Mobile glass-blowing studio comes to capital city for Museum Day

State flag exhibit opens at city museum

Posted: Friday, May 14, 2004

In 2001 and 2002, Pilchuck Glass School art director Pike Powers worked with a group of wood carvers in Haines to create a wood and glass totem pole for the northwest Washington state school's 30th anniversary.

The experience inspired her and her husband to build a mobile glass studio, capable of melting 125 pounds of glass at 2,200 degrees, in their Camano Island, Wash., yard.

Nestled inconspicuously in a small rig about two-thirds the size of a one-horse trailer, "Hot Ice," as the studio is called, is currently resting in the parking lot of the Alaska State Museum. Powers, technical assistant Kelly Soderberg and experienced carvers Vanessa Pazar and John Hagen are heating the furnace in anticipation of a five-hour demonstration in glass-blowing and hot-glass casting, noon to 5 p.m. Sunday at the Alaska State Museum.

The show will accompany the opening of "Fusing Traditions: Transformations in Glass by Native American Artists," a new summer exhibit featuring the works of 18 Native artists.

The state museum, Juneau-Douglas City Museum and Last Chance Mining Museum will all be open for free from 11 a.m. to 5 p.m. Sunday as part of Juneau Museum Day. The St. Nicholas Russian Orthodox Church will open at noon. There will be free shuttle bus service between the four museums every 15 minutes and special events at each location.

The state museum's itinerary includes a picnic from noon to 2 p.m. in the plaza on Whittier Street. The mobile glass show will include tricks, performances and demonstrations of the plastic and elastic nature of the medium. A half-inch marble piece of glass, when heated and stretched to produce fiber-optic lines, can produce a mile of glass fiber, Powers said.

"Everyone was so enthused after the totem pole went up; it left this big atmosphere of inspiration and excitement," Powers said. "The carvers were very happy to work with glass, and 'Fusing Traditions' was coordinated to celebrate the artists who had started to work on glass."

"In a portable situation like this, we can bring glass up here and share ideas with them and see how it works," she said. "Seeing the work in 'Fusing Traditions,' it's evident that glass has a really nice connection to the wood, and the figurative aspects of wood are not too difficult to translate into glass."

For carvers such as Hagen, who has worked with wood since 1962, or Pazar, the transition into glass has been consuming.

"I'm noticing that from the little bit of glass blowing that I've done, I'm looking at wood in a totally different aspect," Pazar said. "They're two totally different entities, but the steps you take in order to create the art are extremely similar. I went straight from not ever seeing it to loving it."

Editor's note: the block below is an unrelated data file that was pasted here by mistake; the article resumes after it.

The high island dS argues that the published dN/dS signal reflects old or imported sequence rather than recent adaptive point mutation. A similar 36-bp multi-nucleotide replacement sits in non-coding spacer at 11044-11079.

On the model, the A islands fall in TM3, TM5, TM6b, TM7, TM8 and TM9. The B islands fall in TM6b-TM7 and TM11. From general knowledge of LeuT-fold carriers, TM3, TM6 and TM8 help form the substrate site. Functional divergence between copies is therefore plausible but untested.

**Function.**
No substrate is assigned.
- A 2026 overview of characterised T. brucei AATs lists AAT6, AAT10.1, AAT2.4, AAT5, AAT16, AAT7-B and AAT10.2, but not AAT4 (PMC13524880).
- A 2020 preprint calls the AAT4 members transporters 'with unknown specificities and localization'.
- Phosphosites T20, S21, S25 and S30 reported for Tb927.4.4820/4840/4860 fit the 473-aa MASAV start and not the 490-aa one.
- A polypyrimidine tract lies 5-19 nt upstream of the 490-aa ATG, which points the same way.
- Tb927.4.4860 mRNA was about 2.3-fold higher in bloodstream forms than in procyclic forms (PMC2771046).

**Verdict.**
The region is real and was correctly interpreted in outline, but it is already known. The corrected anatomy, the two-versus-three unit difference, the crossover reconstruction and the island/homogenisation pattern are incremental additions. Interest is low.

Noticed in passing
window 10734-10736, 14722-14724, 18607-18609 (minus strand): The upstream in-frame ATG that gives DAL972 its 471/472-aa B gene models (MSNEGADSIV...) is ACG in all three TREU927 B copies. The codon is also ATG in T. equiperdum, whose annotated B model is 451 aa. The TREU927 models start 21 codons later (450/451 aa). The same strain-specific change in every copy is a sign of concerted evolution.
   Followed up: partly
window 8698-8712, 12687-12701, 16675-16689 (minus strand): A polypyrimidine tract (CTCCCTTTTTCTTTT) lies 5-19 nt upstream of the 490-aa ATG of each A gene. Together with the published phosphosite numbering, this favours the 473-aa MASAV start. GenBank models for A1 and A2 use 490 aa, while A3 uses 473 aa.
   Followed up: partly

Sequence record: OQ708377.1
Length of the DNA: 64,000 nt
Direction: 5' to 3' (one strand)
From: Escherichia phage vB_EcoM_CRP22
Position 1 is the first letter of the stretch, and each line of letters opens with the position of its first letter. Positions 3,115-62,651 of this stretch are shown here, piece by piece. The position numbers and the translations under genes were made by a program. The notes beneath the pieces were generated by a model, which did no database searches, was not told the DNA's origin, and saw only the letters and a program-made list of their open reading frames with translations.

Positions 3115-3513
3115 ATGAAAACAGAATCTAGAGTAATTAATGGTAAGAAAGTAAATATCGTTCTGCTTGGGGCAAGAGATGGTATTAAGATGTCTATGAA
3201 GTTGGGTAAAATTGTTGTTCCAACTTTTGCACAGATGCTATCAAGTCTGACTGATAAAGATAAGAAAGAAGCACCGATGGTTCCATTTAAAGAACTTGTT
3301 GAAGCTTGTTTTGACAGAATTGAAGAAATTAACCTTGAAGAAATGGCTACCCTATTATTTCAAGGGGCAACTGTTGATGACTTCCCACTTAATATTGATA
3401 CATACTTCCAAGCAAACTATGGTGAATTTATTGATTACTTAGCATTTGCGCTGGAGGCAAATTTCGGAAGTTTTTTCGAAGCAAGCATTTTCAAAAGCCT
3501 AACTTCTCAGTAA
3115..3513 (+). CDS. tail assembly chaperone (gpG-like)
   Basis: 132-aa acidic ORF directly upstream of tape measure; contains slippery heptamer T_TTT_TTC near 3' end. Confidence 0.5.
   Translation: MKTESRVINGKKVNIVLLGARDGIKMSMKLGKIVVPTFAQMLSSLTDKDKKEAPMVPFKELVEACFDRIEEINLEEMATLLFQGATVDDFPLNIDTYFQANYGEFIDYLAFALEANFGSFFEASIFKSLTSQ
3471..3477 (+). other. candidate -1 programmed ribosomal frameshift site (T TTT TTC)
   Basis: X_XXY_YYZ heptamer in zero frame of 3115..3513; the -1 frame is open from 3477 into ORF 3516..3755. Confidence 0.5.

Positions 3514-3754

• Juneau-Douglas City Museum: The City Museum, Fourth and Main streets, will open its summer exhibit, "Eight Stars of Gold: The Story of Alaska's Flag," from 11 a.m. to 5 p.m. on Museum Day.

The exhibit tells the story of the Big Dipper design of Chignik-born Benny Benson, who won the 1927 contest while he was a seventh-grader and living in a children's shelter in Unalaska. It includes the original artwork from 35 other schoolchildren who entered, including Natalia Kashevaroff and George Danner of Juneau, Walter Savikko of Douglas, and at least 11 other kids from Southeast.

"Eight Stars" was curated by India Spartz. It premiered at the Alaska State Museum in January 2002 before touring around the state.

Territorial Governor George A. Parks proposed the state flag design contest in 1926 after visiting the Post Office building in Washington, D.C., and noticing that Alaska was not represented in the flag rotunda. The contest was open to all territorial schoolchildren in grades 7-12. Approximately 142 designs - on cardboard, plain paper or drawing paper measuring 8 1/2 by 11 inches - were forwarded to Juneau for final judging.

KTOO-FM music director Jeff Brown has collected 11 versions of the Alaska Flag song. They will be playing during the show's opening reception. Marie Darlin will talk about the Juneau-Douglas entries at noon and 2 p.m. At noon and 3 p.m., guests are invited to create their own flag and get their face painted with Alaska's flag design. All 50 state flags, courtesy of Michael Orelove, will be hanging through the museum. Cake and punch will be served.

For more information, call the City Museum at 586-3572.

• Last Chance Mining Museum: The mining museum will celebrate its 10th anniversary, beginning at 11:30 a.m. with the Alaska Youth Choir's rendition of The Star Spangled Banner. Throughout the day, mining historians, enthusiasts and Juneau pioneers will answer questions and lead tours.

The museum is at 1001 Basin Road, over the bridge and near the Perseverance Trailhead. Call 586-5338 for more information.

• St. Nicholas Russian Orthodox Church: The church, near the corner of Fifth and Gold streets, will be hosting oral presentations every 30 minutes. The tours begin at noon, after regular services.



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